An Examination of Clickers in an Informal Educational Setting: Quantitative Improvements in Knowledge Gain for North Carolina Cooperative Extension Pesticide Applicator Training

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Title: An Examination of Clickers in an Informal Educational Setting: Quantitative Improvements in Knowledge Gain for North Carolina Cooperative Extension Pesticide Applicator Training
Author: Denlea, Gregory
Abstract: Denlea, Gregory. Masters of Environmental Assessment. An Examination of Clickers in an Informal Educational Setting: Quantitative Improvements in Knowledge Gain for North Carolina Cooperative Extension Pesticide Applicator Training In 2012, the Extension Toxicology program at North Carolina State University (NCSU) received an award for pilot funds from the University of Kentucky’s Southeast Center for Agricultural Health and Injury Prevention to examine the effectiveness of audience response systems (ARS, “clickers”) in enhancing pesticide applicator safety and health training programs. Data was collected on pesticide applicator audiences’ learning and receptiveness to the technology. The pilot project assessed the impact of ARS on pesticide applicators’ learning and the potential for statewide expansion of ARS implementation in pesticide applicator programs. This paper contains the quantitative analyses of pre-intervention (without clickers) and post-intervention (with clickers) knowledge gains for pesticide applicators located in the 5 North Carolina (NC) Cooperative Extension Districts who participated in this pilot project. A questionnaire (see Appendix 1) was administered both before and after pesticide applicator required training to assess content knowledge, with each pesticide applicator serving as his/her own control. The quantitative results show that more pesticide applicators gave correct answers to the multiple choice questions after the sessions conducted using clickers (post-intervention) than provided correct answers after sessions without clickers (pre-intervention). Data collected for this pilot also suggests that the use of clickers has a positive impact on learning outcomes regardless of the education level, age, or experience of the pesticide applicator. Some implications are identified and recommendations are suggested regarding the on-going use of clicker technology for pesticide applicator training sessions.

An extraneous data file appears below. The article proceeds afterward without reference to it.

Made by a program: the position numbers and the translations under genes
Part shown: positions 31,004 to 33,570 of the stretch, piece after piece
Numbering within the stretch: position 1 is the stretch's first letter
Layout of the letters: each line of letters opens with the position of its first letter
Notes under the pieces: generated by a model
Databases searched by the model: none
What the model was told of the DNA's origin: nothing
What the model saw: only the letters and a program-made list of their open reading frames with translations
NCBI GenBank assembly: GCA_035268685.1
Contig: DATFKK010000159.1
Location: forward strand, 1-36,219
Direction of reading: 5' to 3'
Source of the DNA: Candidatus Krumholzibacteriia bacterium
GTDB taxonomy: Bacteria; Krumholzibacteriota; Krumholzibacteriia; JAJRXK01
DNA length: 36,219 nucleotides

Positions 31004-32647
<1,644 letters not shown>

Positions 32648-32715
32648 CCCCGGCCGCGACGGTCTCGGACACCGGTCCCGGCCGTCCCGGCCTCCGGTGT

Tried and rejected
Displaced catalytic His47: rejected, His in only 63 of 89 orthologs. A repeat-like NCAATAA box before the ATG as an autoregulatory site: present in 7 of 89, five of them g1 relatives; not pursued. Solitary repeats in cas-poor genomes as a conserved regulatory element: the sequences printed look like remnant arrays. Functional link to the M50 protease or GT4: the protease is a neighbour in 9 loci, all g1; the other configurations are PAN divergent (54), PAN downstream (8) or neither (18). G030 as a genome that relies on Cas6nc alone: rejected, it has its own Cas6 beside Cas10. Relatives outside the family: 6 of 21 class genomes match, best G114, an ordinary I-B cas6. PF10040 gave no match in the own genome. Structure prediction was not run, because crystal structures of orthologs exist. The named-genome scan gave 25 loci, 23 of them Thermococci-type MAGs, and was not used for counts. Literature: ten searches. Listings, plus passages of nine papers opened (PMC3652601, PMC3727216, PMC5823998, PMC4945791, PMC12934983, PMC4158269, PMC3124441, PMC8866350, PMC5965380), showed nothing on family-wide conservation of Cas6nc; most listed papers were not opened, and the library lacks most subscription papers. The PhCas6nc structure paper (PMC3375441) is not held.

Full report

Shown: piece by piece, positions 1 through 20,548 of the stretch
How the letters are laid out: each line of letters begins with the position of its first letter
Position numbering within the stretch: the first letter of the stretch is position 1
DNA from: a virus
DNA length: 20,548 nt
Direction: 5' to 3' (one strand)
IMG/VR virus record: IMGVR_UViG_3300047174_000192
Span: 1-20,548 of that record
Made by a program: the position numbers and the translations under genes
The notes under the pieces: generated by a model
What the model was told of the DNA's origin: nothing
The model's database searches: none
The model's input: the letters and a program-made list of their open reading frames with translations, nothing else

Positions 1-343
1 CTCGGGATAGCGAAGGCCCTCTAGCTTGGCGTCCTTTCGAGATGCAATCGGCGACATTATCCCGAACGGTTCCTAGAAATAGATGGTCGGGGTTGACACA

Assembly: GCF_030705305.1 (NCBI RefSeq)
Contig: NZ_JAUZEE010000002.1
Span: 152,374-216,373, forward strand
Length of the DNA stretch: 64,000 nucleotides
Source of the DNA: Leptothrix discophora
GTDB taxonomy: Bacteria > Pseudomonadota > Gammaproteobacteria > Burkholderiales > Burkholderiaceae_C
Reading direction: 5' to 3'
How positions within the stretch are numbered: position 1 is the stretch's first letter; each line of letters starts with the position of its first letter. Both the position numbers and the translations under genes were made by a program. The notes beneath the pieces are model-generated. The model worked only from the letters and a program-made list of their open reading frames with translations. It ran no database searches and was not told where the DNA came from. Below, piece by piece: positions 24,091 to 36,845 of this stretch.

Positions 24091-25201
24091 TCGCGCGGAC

Date: 2014
URI: http://www.lib.ncsu.edu/resolver/1840.4/8296


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